This study tries to explore KMT's transformation and type of its relationships with government from 2000 to 2012. This paper discusses one of the most important issues during this period: the transformation with a major purpose of becoming “election machine”, and the relationships between party organization and government caused by this transformation, especially about constructing problems of whether president should be the chairman of the ruling party at the same time when KMT held the reins of government again in 2008. From contemporary research issues on political parties, this study deal both with “political organizations” and “political parties and the government”.
The findings reveal that the transformation of KMT to become “election machine” is the dominant opinion within the party, however, the contents of it are not specific enough. And, though after 2000 there was a certain degree of organization reform in KMT, but using the academic definition of “election machine” to measure it, KMT has not put the concept into practice, which explains why KMT was not essentially transformed before 2012. Furthermore, though the KMT is a catch-all party, but it did not fundamentally transformed into a electoral-professional party and still maintains the feature of a mass bureaucratic party. But the ruling party under semi-presidentialism could become a mere “election machine”? From the experience of the KMT, it is not the case. Finally, after KMT became the ruling party again in 2008, its elites faced with the challenge of building party-government relationship. The President Ma Ying-jeou served as the party chairman which strengthened president's control of political parties.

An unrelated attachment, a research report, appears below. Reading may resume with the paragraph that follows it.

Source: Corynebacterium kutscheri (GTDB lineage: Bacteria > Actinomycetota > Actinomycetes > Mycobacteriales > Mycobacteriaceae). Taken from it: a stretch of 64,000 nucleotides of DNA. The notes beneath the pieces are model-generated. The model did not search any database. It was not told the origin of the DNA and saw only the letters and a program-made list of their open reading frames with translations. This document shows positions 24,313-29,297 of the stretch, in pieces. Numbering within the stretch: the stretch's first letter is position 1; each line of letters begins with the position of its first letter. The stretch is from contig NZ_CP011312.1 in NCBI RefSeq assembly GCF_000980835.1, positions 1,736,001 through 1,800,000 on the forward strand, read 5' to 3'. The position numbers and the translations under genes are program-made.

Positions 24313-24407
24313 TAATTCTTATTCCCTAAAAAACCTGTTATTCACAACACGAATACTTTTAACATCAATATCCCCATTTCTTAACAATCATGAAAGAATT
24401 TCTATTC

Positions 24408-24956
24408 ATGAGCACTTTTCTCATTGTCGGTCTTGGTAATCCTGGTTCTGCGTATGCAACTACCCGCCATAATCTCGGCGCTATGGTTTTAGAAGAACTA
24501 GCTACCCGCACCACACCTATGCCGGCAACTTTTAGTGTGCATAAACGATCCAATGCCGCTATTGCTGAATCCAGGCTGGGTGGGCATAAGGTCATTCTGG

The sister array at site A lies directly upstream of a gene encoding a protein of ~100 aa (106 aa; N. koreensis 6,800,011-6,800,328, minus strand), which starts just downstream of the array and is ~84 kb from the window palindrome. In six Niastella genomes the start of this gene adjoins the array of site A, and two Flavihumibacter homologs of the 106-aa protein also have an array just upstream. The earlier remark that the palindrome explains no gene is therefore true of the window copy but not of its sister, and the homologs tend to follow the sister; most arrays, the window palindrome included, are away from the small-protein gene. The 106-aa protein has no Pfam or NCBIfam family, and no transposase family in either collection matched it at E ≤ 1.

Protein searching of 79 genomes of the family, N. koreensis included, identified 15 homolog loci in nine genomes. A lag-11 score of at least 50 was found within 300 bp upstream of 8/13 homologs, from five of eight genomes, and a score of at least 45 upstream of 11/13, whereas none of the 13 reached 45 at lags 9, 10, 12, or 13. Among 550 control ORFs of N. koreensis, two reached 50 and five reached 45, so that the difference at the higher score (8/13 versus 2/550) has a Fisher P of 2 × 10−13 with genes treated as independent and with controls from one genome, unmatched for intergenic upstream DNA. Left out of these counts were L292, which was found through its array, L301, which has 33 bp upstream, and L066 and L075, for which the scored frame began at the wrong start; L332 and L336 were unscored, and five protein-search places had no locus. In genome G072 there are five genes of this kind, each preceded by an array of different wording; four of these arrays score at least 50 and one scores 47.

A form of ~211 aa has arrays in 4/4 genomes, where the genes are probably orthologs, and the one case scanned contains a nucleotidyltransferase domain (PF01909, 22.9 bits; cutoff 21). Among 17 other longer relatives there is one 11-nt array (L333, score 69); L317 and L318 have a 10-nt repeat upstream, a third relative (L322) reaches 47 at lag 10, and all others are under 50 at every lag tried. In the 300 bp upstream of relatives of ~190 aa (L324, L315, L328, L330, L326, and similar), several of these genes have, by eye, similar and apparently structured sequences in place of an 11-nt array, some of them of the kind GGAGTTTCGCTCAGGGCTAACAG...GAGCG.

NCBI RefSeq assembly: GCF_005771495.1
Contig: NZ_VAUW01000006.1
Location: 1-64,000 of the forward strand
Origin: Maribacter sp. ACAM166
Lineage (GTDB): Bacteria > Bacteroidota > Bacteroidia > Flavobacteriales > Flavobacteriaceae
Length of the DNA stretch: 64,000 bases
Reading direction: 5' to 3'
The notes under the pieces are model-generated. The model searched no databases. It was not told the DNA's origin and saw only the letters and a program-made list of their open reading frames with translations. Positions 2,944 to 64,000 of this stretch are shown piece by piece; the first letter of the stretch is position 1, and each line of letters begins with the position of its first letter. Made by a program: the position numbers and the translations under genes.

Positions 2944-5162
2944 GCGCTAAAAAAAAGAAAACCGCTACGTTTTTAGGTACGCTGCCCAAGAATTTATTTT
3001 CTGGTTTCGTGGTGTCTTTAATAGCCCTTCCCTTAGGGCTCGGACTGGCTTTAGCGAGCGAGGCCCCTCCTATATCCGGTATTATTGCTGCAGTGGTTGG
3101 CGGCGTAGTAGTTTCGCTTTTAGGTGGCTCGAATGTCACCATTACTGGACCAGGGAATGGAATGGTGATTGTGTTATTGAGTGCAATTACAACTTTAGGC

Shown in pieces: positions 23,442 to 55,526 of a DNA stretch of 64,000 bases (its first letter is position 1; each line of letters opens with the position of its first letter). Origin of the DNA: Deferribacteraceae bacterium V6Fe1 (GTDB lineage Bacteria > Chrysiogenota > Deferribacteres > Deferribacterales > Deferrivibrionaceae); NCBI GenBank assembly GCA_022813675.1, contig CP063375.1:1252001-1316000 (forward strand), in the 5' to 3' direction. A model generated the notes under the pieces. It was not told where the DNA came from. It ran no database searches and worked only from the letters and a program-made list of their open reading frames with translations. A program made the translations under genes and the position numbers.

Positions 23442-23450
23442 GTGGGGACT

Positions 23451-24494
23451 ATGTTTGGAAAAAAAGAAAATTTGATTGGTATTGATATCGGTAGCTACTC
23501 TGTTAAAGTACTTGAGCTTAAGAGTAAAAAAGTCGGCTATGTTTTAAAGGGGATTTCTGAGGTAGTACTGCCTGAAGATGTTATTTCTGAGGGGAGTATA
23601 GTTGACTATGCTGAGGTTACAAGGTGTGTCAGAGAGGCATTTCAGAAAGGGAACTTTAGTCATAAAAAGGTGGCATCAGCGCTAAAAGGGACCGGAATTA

Studies in recent years have found that gender is an important factor affecting career advancement both in the public and private sectors. However, existing gender studies on Taiwanese civil servants have never been conducted based on survey results targeting all Taiwanese civil servants as the population. This paper intends to perform evidence based analysis using survey data collected from the Taiwan Government Bureaucrat Survey (TGBS) in order to better understand how gender differences have affected the promotion of public officials in Taiwan. Based on the results of the crosstabs, t-tests, ANOVA, and hierarchical multiple regression analyses, both of the hypotheses have been accepted. It is found that gender differences affect the seniority, level of education, the officials’ reasons for entering public service, and the officials’ desire to work. It is also found that these four factors have impacts on both the officials’ current ranking and the length of time the officials have been in their current position. However, it should be noted that the factors of human capital, including seniority and the level of education, have a greater impact on both the officials’ current ranking and the time they have been in their current position.